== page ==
After rejecting a plan to begin a colony in Guiana, South America, they returned to England to secure a land patent for settling in America. The Mayflower’s companion, ironically named the Speedwell, proved unseaworthy and had to turn back. Before landing, two children were born on the ship and two people died. Landing at Cape Cod, but having a charter for the middle states, the Pilgrims found themselves without civil oversight.
The Founding of Plymouth
Before landing at Plymouth the Pilgrims drafted the Mayflower Compact affirming their allegiance to King James and their intention to draft their own laws “for better ordering and preservation, and furtherance of the glory of God and the advancement of the Christian faith and honor of our King and Country.” This first assertion of self-government in the New World is infused with not only religious, but explicitly Christian, language.
In stark contrast to the motives of several other early colonists, the Pilgrims saw their relocation not only as a means of preserving their own faith but of propagating it as well. One Pilgrim leader listed the Great Commission as the first motive for moving to the New World. “If we pray for the heathen, should there not also be ordinary means toward their conversion exercised by us . . . That then is sufficient reason to prove our going thither to live, lawful.” The Pilgrims’ love for the Indians flowed out of concern for their souls. It was this love that contributed toward healthy Indian relations for over half a century. Edward Winslow wrote “We . . . walk as peaceably and safely in the woods as in the highways in England; we entertain them in our houses, and they as friendly bestow venison on us.”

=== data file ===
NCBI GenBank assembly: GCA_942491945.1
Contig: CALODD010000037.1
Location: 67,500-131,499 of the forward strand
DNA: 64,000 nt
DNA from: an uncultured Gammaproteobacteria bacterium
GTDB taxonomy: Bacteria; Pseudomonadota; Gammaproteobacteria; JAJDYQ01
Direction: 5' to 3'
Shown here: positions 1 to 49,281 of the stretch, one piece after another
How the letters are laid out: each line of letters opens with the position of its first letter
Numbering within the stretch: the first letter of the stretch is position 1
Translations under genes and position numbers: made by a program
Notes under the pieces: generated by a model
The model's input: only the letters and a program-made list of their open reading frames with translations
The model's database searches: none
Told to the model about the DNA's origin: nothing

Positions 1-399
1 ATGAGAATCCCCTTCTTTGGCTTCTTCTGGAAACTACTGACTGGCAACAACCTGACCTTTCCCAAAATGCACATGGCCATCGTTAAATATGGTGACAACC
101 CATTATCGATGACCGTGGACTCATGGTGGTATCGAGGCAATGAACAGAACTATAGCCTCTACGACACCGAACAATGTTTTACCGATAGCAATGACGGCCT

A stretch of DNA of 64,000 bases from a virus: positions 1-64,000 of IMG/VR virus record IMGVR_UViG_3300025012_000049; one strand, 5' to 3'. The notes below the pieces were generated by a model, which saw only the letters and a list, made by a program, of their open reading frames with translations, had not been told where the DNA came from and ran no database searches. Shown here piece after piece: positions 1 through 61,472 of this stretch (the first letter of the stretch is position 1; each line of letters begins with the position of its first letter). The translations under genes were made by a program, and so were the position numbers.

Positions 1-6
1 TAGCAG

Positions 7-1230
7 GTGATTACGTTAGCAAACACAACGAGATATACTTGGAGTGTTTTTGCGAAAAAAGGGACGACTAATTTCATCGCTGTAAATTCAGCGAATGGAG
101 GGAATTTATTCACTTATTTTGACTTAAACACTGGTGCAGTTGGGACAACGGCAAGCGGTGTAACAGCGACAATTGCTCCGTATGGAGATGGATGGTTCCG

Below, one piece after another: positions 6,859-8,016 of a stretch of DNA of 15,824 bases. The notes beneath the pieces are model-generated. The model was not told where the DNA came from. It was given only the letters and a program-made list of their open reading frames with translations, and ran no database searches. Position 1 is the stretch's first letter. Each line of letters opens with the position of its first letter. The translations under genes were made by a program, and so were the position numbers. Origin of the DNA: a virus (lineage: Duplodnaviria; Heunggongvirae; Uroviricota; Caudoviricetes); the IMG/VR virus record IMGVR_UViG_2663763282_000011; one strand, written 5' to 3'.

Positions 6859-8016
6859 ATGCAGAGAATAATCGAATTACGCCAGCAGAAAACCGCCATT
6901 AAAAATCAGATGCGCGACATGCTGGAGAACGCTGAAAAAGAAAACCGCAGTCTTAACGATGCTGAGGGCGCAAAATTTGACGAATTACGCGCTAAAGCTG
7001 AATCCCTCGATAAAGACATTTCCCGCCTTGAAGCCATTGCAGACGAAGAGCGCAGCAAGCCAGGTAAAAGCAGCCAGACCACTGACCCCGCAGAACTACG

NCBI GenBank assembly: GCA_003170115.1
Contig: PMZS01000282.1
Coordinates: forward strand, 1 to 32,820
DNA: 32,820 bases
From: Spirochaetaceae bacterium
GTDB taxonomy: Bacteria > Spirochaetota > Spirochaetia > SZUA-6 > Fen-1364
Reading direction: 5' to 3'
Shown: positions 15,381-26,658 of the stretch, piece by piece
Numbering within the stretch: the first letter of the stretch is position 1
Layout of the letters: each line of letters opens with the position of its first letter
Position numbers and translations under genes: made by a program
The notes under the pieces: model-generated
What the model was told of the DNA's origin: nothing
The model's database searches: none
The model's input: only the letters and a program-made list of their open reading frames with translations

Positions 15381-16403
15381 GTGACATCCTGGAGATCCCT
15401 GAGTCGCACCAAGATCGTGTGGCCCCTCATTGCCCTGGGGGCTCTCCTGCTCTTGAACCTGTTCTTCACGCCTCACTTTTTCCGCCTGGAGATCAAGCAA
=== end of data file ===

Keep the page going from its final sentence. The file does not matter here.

But there almost weren’t any Indians to meet them. In 1617-19 roughly ninety percent of the Indian population along the Massachusetts coast was wiped out by epidemic; a sad fact, but one which providentially allowed the Pilgrims to settle with little interference. Squanto was one of the few survivors from his Patuxet tribe. The reason for his survival is a story of remarkable providence. Years before the Pilgrims arrived, Squanto had been captured, enslaved, and set free in Spain. He found his way to England, learned English and returned to America. Like a more contemporary Joseph, Squanto’s slavery and deliverance resulted in many people being “kept alive, as they are today” (Gen. 50:20). In addition to helping the Pilgrims avoid starvation, Squanto helped them to enter into a treaty with the Indian King Massasoit on whose behalf the Pilgrims would later engage in war. Squanto’s death just two years later was described by Bradford as “a great loss.”
The First Thanksgiving
The first thanksgiving was held in November 1621, a year after the Pilgrims landed at Plymouth. Edward Winslow sent a letter to a friend in England describing the event.